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The reality of a blog-journal

I've been reading through some old LJ posts. Many are private, though I suspect I had them public at one point or other.

The interesting thing is the drama I mention in many of the entries. I don't actually remember much of it *L*

S has often accused me of romanticizing memories; keeping the good while completely forgetting the bad. Maybe there's something to that. I find myself desperately wishing I'd used names in some of these posts. Of course I didn't, it being a blog. Drat.

But is it really such a terrible thing? To focus on the positives?

My loyalty is hard won, but I can guarantee that if I cared for you at some point? I still do. That girl who stopped talking to me in 4th grade? Yeah, I still think about her once in awhile. I Google her and smile to find that she's happily married with children, doing something she loves for a living.

I remember she did something cruel to me, but for the life of me I can't recall what. And does it really matter? Of course not.

A few years back an ex contacted me, saying he wanted to apologize for the terrible way he treated me. He couldn't apologize enough, wanting to somehow make it up to me. I honestly had no recollection of his doing anything bad. None at all. I had to read back through an old diary to find what he might be talking about. I remember thinking, "Wow, that actually was pretty crummy," but the ridiculous part? I've already forgotten it, again!

What I do remember is all the awful things I've done. I still feel guilt over them. Decades pass and situations still haunt me.

It's not that I regret any decisions I've made. I don't. But I regret how I handled them. How I acted. In some cases, Who I Was.

Does anyone else do this? Tell me this is common.

Gosh, I'm rambling. Perhaps that's what my LJ will be for. You've been warned ;)

Still here

If only marginally, it counts.

Truly becoming Pinky

My tangents have tangents. My brain is unfocused and rammy.

I want to run through the streets all Braveheart-esque, screaming about freedoms and whatnot.

Just. Need. To. Focus.

This should not be as hard as it's proving. Sheesh.

Bad books galore of late

After SilenceAfter Silence by Jonathan Carroll

My rating: 1 of 5 stars

Thoroughly disappointing. Even one star may be generous. This is the 2nd book of his that I have been completely unmoved by. And it's not in order of publication, yet in order of my reading.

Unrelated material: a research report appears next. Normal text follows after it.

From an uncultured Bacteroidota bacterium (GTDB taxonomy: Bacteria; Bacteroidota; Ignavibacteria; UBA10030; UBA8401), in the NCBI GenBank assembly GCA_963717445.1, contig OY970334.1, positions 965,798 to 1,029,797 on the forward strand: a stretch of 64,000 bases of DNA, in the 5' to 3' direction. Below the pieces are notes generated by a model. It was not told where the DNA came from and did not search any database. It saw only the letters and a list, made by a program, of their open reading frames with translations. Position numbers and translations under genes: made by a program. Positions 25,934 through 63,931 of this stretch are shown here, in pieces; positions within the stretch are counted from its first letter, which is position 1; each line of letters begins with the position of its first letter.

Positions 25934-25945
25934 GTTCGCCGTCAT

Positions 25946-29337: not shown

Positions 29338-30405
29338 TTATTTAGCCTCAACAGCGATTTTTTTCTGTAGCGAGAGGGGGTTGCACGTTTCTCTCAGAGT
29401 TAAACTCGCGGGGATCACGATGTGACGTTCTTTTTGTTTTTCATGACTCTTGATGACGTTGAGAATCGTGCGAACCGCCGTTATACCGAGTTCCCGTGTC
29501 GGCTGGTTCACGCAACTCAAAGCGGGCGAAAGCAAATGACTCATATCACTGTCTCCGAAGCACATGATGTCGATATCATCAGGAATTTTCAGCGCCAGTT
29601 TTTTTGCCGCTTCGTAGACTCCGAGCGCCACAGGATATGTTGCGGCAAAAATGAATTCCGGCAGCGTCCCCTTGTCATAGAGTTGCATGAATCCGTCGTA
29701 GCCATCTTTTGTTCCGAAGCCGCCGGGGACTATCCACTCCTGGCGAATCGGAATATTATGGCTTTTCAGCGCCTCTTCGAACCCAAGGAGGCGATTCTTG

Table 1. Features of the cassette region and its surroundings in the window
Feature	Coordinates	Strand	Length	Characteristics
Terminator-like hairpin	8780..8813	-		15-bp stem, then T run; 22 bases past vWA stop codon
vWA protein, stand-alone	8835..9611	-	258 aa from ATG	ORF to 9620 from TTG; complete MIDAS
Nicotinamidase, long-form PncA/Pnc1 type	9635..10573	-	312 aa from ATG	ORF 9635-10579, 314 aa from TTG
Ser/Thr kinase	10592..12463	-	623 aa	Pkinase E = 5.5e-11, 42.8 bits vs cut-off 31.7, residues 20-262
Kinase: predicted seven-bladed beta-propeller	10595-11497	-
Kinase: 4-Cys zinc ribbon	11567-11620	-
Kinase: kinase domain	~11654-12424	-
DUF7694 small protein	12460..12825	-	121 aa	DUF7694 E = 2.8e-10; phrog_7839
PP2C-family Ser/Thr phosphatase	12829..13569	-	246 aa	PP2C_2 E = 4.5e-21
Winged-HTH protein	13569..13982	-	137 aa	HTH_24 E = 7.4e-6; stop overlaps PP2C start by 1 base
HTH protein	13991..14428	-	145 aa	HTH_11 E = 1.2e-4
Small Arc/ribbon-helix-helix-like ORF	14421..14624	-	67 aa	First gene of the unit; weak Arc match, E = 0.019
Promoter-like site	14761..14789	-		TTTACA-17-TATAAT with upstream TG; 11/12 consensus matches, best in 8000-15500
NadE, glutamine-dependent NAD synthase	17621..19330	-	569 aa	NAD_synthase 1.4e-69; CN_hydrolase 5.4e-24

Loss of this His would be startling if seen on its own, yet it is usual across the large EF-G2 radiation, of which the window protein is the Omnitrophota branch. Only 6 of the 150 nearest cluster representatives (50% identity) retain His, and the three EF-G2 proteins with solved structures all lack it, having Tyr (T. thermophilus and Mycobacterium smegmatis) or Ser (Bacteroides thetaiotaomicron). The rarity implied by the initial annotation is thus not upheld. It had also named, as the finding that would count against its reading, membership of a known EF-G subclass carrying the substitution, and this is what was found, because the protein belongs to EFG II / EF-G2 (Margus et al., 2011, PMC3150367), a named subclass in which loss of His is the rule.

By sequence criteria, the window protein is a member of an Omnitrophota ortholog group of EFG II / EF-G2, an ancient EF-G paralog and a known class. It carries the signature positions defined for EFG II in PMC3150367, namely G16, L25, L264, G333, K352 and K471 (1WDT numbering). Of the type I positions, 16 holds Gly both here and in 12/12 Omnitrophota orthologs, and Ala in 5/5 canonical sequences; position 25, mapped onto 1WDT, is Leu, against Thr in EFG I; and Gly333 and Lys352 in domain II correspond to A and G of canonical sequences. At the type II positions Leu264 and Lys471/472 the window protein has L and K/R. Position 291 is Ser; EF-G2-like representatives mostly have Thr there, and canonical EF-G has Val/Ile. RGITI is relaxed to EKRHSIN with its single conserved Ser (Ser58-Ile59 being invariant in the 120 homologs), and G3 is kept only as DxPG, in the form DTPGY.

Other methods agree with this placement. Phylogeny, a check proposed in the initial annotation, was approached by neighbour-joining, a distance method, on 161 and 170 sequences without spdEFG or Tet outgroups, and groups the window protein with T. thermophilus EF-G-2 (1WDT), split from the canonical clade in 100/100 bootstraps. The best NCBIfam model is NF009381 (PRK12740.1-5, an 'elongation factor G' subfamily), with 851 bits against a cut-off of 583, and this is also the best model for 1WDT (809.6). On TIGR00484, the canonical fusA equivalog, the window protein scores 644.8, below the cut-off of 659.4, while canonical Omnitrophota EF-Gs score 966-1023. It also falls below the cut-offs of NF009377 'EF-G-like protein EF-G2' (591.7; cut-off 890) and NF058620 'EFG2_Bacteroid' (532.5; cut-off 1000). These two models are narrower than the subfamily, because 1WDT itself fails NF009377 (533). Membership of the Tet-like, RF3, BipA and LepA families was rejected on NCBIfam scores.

He took the magical realism I like so much and squashed it like a bug. Boo.

Not bothering with a full run-down. Just not worth it.

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The bearable strangeness of being

Last night, I buried my mockingbird.

I waited, thinking the circle of life would envelope him. I've seen a fox in my yard (yes, though I live literally blocks outside city limits, I also live blocks from a rather large park - we see deer, too!).

But nothing touched my strange, little bird.

So I buried him. In a box from a French bakery. I have no idea why this is important, but it feels like it is.

Today I feel disconnected. It's as if I'm here, but the people around don't see me. At least not as I am.

It's the heat. It must be.

Mockingbird no more

Ok, so I'm not someone who typically believes in things like animal spirit guides or the like. But I'm starting to think maybe, perhaps, there's something to it. And if there is? ...

So, ok, my animal is a mockingbird. Yes, a little, gray, very noisy bird. It's been in our yard for weeks, sometimes with a partner, but always at least one. It talks to me in the morning and evening from various perches in the back yard. Once, it was sitting directly on the clasp for the dog line, where I hook up Tas. There were many weekend mornings in which I'd sit in the breakfast room with a cup of coffee, and it would perch on a chair immediately outside the window (ie, directly in front of me; approx 4 feet away), cock its head, and make noise at me. Sometimes for the better part of an hour. Once, when I was on the couch watching the tele, it came rushing at the window screen, and hung on, flapping its wings like mad.
I was beginning to get spooked, so I looked it up.

According to Animal Totems:
When Mockingbird appears to you it is time to sing a joyous song of life. With one of the prettiest vocalizations of the bird family, his medley of calls is a culmination of many other birds, likewise, your song is a medley of circumstances, experiences and those that surround you. Rapid succession is events are about to unfold, if they haven't already. Experiences will expand your repertory profoundly. Mockingbird teaches the art of adaptability and going with the flow. He is about following your soul purpose and recognizing innate abilities. Communicating is part of what Mockingbird teaches. He also flushes negativity with his voice. Are you using your song to bring joy? This animal is also a fierce protector of its environment. Are you watching your territory for those that come to close? He will teach fearlessness and strength. Even with strength in defenses your song matches few to bring joy and harmony to many people. Mockingbird will teach how to accomplish this balance.